Results I do not believe

…an analysis of strike outs (failing to hit the ball three times in a
row) in American baseball from 1913 to 2006 showed that players whose
first or last names began with K suffered significantly more strikeouts
than other players. Why? Because in baseball scoring, K is used to
denote a strikeout – "For players with this initial, the explicitly
negative performance outcome may feel implicitly less aversive," the
researchers said.

Next, an analysis of 15 years of MBA students’
grades at a large American University showed that students with the
initials C or D achieved significantly lower grades than students whose
initials were unrelated to grade scores, and students with the initials
A or B.

Was this due to the students’ self-preference for their
initials or was it the examiners showing the bias? To test this, Nelson
and Simmons, asked hundreds of other undergrads to report their liking
for the different letters of the alphabet. A subsequent analysis of
their exam scores again showed that students with the initials C or D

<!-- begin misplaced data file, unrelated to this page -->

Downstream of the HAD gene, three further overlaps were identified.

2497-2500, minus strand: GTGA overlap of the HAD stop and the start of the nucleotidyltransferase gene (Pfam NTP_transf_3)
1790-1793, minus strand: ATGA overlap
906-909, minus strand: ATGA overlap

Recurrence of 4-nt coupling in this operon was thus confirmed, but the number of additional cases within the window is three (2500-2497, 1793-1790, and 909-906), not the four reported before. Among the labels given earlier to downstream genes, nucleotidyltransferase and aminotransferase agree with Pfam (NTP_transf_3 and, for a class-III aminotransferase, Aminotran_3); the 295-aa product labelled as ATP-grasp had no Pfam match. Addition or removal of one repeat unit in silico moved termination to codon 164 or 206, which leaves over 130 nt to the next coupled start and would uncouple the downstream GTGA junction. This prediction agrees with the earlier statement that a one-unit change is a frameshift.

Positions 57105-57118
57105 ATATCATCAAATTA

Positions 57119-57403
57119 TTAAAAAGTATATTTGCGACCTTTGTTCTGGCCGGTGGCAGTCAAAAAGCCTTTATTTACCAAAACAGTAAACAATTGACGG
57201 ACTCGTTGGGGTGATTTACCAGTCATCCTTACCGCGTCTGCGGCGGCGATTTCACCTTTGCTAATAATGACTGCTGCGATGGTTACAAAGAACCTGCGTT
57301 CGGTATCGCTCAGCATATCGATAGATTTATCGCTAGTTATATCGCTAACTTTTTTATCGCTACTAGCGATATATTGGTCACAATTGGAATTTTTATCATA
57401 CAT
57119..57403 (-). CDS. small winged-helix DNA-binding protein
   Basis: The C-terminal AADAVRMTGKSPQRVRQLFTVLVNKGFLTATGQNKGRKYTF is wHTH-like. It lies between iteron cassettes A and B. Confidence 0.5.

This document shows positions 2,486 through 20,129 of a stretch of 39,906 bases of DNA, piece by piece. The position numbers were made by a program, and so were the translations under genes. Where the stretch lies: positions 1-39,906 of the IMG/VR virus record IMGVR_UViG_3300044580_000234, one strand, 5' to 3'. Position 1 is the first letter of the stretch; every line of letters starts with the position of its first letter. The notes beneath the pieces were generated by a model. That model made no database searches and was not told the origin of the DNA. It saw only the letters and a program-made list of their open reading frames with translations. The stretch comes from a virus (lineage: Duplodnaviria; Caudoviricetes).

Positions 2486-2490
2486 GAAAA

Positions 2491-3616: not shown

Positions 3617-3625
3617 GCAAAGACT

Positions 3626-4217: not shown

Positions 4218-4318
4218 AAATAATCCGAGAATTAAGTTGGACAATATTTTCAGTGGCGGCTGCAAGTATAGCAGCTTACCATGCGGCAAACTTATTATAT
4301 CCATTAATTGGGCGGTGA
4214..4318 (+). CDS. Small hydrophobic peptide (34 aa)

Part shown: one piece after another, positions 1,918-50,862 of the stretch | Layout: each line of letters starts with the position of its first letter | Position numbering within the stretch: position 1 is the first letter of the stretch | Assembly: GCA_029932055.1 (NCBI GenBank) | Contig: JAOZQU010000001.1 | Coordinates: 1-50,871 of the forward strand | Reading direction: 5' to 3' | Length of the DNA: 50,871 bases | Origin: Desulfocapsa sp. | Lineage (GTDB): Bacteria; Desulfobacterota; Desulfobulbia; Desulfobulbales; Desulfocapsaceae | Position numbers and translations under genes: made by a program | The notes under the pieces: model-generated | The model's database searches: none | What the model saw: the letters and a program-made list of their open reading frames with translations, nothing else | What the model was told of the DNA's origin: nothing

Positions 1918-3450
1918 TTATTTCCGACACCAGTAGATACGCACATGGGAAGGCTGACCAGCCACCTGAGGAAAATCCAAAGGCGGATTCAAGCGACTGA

performed less well, but only if they had previously shown a preference
for these letters. This shows that affection for one’s own initials
really is playing a role in the patterns being observed here.

study showed how far-reaching these effects can be. An analysis of
392,458 lawyers who studied at 170 law schools showed that as the
quality of law schools declined, so too did the proportion of lawyers
with the initials A or B who had attended.

Here is more.  When I think of the letter K, I think of Ted Kluszewski, Harmon Killebrew, and brawny Poles who swing for the fences.  Maybe that’s lame, but I don’t see that names with "S" strike out more often, or that names with "H" hit more home runs.  Maybe "K" has special power, just ask Franz Kafka.  The A and B stuff puzzles me too, but it also doesn’t seem consistent with other parameters on the power of suggestion.  I also would expect the C and D names to do better than average, given all the names lower in the alphabet, at least if there is going to be an effect at all.  Are people whose names start with the letter "B" more likely to be bloggers?

I’m not contesting the raw tabulations but my gut feeling is that the letters in your name correlate with physique or education or IQ in some other way.  One paper is here, I don’t see a lot of controls.

Addendum: Andrew Belman seems puzzled too.  Alex has a related post, he doesn’t feel totally puzzled.


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